I pat the little guy on the shoulder. “I am! I’m giving you a chance to get away from the Circle and avoid prison! So if you’d just tell me your contact nice and quiet-like, and let me know where I can find him, we can be friends, that sound nice?”

    “Got some trilithium resin,” Luiz reports, showing me the substance in a secure canister. “Crate says it’s stem bolts.”

    Tamir begins to sweat. “Um, it looks like there’s been some mistake…”

    “Yeah. I’m sure there was. So, want to tell me what I want to know?”

    He spills like a waterfall.
    Post edited by starswordc on
    "Great War! / And I cannot take more! / Great tour! / I keep on marching on / I play the great score / There will be no encore / Great War! / The War to End All Wars"
    — Sabaton, "Great War"
  • knightraider6knightraider6 Member Posts: 370 Arc User
    Winning Hearts and Minds, Inc.

    Roll up, roll up for the mystery tour
    Roll up, roll up for the mystery tour
    Roll up (And that's an invitation), roll up for the mystery tour
    Roll up (To make a reservation), roll up for the mystery tour
    The magical mystery tour is waiting to take you away
    Waiting to take you away
    John Lennon, Paul McCartney

    Deep space 9, Two months after the incident at Starbase 132

    “I think you’re making a mistake”

    Captain Kurland had seen many people pass through his station on their way to the Gamma Quadrant. Many were ultimately not allowed through the wormhole. Relations with the dominion were such, and the way the religious on Bajor felt about it, that they tried to keep the obvious hucksters, and those who would cause issues between the alpha quadrant governments and the Dominion out of the founders hair. Metaphorically speaking.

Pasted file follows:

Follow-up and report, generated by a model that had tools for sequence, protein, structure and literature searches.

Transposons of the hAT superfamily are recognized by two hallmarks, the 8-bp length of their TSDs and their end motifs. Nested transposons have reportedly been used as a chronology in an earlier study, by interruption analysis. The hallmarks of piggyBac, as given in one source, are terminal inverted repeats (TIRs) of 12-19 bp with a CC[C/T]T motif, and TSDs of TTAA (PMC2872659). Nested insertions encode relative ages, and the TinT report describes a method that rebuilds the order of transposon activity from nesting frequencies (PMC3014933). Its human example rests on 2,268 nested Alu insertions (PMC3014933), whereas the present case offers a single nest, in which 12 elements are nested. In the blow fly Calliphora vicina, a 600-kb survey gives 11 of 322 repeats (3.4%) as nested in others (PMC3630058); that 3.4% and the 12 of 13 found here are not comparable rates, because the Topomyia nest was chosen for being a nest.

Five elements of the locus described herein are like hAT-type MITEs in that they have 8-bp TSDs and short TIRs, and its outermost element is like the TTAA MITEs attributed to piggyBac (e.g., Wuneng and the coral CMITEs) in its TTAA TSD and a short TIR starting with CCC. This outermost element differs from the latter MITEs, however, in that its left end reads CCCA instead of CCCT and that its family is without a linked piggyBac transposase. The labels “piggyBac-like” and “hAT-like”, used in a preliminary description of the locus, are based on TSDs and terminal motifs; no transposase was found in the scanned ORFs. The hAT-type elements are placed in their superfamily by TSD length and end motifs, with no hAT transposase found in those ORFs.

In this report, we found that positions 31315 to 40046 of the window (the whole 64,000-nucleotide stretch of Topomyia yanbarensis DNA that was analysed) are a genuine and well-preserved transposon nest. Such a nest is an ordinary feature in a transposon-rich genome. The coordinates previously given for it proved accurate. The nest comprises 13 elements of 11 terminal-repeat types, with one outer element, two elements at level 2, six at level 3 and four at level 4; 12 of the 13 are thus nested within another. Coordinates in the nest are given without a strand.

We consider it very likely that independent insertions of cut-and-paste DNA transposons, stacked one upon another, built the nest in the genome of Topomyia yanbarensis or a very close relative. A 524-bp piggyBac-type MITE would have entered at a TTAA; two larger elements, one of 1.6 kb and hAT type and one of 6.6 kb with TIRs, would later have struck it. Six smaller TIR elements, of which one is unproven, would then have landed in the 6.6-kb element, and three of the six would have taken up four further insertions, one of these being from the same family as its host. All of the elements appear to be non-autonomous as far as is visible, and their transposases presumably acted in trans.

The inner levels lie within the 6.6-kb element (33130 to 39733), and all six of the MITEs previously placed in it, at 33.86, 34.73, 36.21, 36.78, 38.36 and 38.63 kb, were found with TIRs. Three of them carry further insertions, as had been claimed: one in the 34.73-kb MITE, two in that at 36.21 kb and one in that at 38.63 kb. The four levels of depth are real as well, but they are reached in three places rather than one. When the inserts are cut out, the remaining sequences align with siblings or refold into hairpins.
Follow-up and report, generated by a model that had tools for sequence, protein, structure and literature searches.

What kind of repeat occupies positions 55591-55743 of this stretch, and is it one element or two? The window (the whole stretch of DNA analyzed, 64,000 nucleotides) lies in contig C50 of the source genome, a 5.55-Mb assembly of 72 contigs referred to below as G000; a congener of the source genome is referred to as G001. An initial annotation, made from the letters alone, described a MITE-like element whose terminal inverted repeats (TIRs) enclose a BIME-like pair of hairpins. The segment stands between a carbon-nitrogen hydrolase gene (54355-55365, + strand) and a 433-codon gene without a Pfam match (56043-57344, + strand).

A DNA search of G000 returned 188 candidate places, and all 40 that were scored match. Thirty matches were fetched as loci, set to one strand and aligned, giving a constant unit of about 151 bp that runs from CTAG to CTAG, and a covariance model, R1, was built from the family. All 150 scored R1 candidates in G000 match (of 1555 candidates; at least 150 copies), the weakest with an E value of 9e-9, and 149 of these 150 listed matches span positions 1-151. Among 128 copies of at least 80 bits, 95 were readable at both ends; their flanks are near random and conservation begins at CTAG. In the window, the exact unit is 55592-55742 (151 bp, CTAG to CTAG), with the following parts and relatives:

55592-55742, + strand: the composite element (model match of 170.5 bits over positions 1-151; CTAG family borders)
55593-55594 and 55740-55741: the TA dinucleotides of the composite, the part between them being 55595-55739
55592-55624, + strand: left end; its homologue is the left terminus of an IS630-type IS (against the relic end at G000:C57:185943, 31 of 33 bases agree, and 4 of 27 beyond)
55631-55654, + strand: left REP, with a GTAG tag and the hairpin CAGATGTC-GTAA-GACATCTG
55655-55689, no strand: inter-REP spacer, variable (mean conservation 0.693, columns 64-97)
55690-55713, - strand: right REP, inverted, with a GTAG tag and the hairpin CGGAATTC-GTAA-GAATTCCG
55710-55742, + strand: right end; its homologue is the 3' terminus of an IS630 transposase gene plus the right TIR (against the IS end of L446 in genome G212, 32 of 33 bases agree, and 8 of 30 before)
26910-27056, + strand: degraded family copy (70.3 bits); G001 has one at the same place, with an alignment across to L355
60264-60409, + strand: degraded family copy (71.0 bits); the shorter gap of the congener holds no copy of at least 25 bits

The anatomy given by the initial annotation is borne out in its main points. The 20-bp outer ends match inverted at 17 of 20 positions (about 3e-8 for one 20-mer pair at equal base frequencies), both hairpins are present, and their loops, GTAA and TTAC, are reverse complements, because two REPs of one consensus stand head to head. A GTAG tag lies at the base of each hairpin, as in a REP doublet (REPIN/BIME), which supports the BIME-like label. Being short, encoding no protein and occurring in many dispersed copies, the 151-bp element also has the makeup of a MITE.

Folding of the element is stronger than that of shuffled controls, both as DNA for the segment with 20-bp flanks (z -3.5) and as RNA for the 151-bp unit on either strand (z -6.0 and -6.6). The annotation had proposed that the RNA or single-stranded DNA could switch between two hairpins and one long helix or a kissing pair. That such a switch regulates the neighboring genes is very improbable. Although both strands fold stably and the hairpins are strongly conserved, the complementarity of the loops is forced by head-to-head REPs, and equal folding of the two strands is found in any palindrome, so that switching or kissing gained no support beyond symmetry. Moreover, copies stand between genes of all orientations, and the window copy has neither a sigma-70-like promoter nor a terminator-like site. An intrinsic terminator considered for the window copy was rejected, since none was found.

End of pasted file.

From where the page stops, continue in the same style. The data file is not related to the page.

His latest supplicant was human...one of the few non Ferengi members of the Ferengi Commerce Authority. Quark had been beside himself when he heard Jake Evans was coming to the station, visions of ‘investment opportunities’ to talk to the young human about dancing in his lobes. Or not-Evans had come straight to ops when he arrived, bypassing the promenade entirely. The human wasn’t old despite his wealth, in his mid to late twenties, his long dark hair pulled into a ponytail, dressed in a well tailored silk suit. He simply nodded as the Captain continued.

    “The dominion has resisted all cultural exchanges. They are not interested in anything we have to offer.”

    “I am aware of that” Jacob Evans replied “But I still wish to talk with them-and they have agreed to see me.”

    That was another thing that both puzzled and annoyed Kurland. Normally those that did go through the wormhole, the dominion gave little seeming care to the traders that went to buy and sell from the Gamma quadrant races. There was little actual communication, occasionally a Vorta would contact the station about some ship or other that had transgressed, and if they were lucky, simply banned from returning. Those who violated dominion laws, paid the price at times. While part of him didn’t like the idea, it was a universal fact that stupidity did have consequences.

    Yet two days ago DS9 had been contacted not by a random low level vorta, but Weyoun. Number eleven or whatever number he was up to these days, requesting priority access through the wormhole for Mister Evans.